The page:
This mode makes it so that patterns ignore whitespace characters, making the previous pattern functionally equivalent to the following pattern:


However, this mode does not exist primarily to serve the needs of those with obsessive code formatting habits, but instead exists to make it possible to break up and document long regular expressions, such as in the following example:

# adapted from: http://refactormycode.com/codes/573-phone-number-regex

    (?<prefix>\d)             # prefix digit
    [ \-\.]?                  # optional separator
    \(?(?<areacode>\d{3})\)?  # area code
    [ \-\.]                   # separator
  (?<trunk>\d{3})             # trunk
  [ \-\.]                     # separator
  (?<line>\d{4})              # line
  (?:\ ?x?                    # optional space or 'x'
    (?<extension>\d+)         # extension

This idiom is not extremly common in Ruby, perhaps because it is easy to use interpolation within regular expressions to accomplish similar results. However, this does seem to be a handy way to document your patterns and arrange them in a way that can be easily visually scanned without having to chain things together through interpolation.

4) Making good use of Array#join

Whenever I am building up a string from a list of elements, I tend to use Array#join rather than string interpolation (i.e. the #{} operator) if I am working with more than two elements. As an example, take a look at my implementation of the Jackal::Post#dirname method:

module Jackal
  class Post
    def dirname
      raise ArgumentError unless metadata["category"]

      [ metadata["category"], 
        filedata["year"], filedata["month"], filedata["day"] ].join("/")

The reason for this is mostly aesthetic, but it gives me the freedom to format my code any way I would like, and is a bit easier to make changes to.

NOTE: Noah Hendrix pointed out in the comments on this article that for this particular example, using File.join would be better because it would take platform-specific path syntax into account.

Idioms for working with files and folders

In addition to the text processing tricks that we’ve already gone over, I also noticed four idioms for doing various kinds of file and folder manipulation that came in handy.

1) Manipulating filenames

There are three methods that are commonly used for munging filenames: File.dirname, File.basename, and File.extname. In Jackal, I ended up using two out of three of them, but could easily imagine how to make use of all three.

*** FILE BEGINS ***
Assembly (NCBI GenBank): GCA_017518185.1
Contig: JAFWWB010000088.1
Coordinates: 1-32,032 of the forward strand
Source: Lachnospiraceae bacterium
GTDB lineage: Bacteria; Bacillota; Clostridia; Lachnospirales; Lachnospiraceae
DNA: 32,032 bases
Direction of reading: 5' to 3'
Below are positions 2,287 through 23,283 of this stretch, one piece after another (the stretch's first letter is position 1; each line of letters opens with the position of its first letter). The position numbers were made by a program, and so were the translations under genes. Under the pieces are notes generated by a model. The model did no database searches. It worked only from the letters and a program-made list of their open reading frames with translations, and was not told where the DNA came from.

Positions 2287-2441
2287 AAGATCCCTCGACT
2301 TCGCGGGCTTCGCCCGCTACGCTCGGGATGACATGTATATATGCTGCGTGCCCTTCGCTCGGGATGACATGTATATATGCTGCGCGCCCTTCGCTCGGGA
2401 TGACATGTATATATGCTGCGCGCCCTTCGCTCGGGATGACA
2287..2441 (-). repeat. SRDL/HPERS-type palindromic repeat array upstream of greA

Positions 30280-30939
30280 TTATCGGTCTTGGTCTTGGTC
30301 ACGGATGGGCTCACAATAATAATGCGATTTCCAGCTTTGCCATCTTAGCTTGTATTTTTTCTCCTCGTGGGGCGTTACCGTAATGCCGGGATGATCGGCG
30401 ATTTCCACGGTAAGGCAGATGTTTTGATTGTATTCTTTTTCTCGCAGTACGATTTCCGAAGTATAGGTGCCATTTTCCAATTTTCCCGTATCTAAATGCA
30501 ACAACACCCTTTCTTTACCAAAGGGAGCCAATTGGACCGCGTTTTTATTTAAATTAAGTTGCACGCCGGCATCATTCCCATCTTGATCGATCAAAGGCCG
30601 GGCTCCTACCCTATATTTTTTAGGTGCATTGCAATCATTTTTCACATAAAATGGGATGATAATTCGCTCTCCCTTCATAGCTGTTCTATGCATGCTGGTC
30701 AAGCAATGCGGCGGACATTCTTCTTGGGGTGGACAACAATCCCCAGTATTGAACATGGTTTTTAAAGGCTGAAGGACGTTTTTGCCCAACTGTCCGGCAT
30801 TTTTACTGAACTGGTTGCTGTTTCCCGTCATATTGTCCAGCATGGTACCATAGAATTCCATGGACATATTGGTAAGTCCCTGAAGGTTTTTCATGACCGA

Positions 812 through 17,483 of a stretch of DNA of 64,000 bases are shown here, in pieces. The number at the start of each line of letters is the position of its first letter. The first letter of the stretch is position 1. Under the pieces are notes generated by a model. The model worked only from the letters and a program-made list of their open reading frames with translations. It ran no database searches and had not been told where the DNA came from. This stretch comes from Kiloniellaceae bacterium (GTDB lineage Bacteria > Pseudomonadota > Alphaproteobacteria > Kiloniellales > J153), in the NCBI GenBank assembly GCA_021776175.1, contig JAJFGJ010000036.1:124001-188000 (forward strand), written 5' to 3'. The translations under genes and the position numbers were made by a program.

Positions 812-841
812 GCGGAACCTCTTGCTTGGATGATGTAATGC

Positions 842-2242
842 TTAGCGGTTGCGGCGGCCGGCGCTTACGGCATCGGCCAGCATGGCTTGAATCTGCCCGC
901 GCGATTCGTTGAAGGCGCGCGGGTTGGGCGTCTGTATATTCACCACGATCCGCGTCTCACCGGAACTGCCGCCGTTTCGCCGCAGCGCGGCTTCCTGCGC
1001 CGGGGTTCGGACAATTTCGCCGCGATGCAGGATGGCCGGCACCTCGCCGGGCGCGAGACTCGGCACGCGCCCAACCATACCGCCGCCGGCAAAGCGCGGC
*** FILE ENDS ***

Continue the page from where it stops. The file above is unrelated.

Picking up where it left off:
I expect that most folks will already be familiar with File.dirname, but if that is not the case, the tests below should familiarize you with one of its use cases:

describe Jackal::Page do
  let(:page) do
    posts_dir = "#{File.dirname(__FILE__)}/../fixtures/sample_app/_posts"

  it "must extract the base filename" do

When used in conjunction with the special __FILE__ variable, File.dirname is used generate a relative path. So for example, if the __FILE__ variable in the previous tests evaluates to "test/units/page_test.rb", you end up with the following return value from File.dirname:

>> File.dirname("test/units/page_test.rb")
=> "test/units"

Then the whole path becomes "tests/units/../fixtures/sample_app/_posts", which is functionally equivalent to "test/fixtures/sample_app/_posts". The main benefit is that should you run the tests from a different folder, __FILE__ would be updated accordingly to still generate a correct relative path. This is yet another one of those idioms that is hardly exciting to those who are already familiar with it, but is an important enough tool that I wanted to make sure to mention it.

If you feel like you understand File.dirname, then File.basename should be just as easy to grasp. It is essentially the opposite operation, getting just the filename and stripping away the directories in the path. If you take a closer look at the tests above, you will see that File.basename is exactly what we need in order to implement the behavior hinted at by Jackal::Page#filename. The irb-based example below should give you a sense of how that could work:

>> File.basename("long/path/to/_posts/2012-05-09-tiniest-kitten.markdown")
=> "2012-05-09-tiniest-kitten.markdown"

For the sake of simplicity, I decided to support Markdown only in Jackal posts, but if we wanted to make it more Jekyll-like, we would need to support looking up which formatter to use based on the post’s file extension. This is where File.extname comes in handy:

>> File.extname("2012-05-09-tiniest-kitten.markdown")
=> ".markdown"
>> File.extname("2012-05-09-tiniest-kitten.textile")
=> ".textile"

Typically when you are interested in the extension of a file, you are also interested in the name of the file without the extension. While I have seen several hacks that can be used for this purpose, the approach I like best is to use the lesser-known two argument form of File.basename, as shown below:

>> File.basename("2012-05-09-tiniest-kitten.textile", ".*")
=> "2012-05-09-tiniest-kitten"
>> File.basename("2012-05-09-tiniest-kitten.markdown", ".*")
=> "2012-05-09-tiniest-kitten"

While these three methods may not look especially beautiful in your code, they provide a fairly comprehensive way of decomposing paths and filenames into their parts. With that in mind, it is somewhat surprising to me how many different ways I have seen people attempt to solve these problems, typically resorting to some regexp-based hacks.

2) Using Pathname objects

Whenever Ruby has a procedural or functional API, it usually also has a more object-oriented way of doing things as well. Manipulating paths and filenames is no exception, and the example below shows that it is entirely possible to use Pathname objects to solve the same problems discussed in the previous section: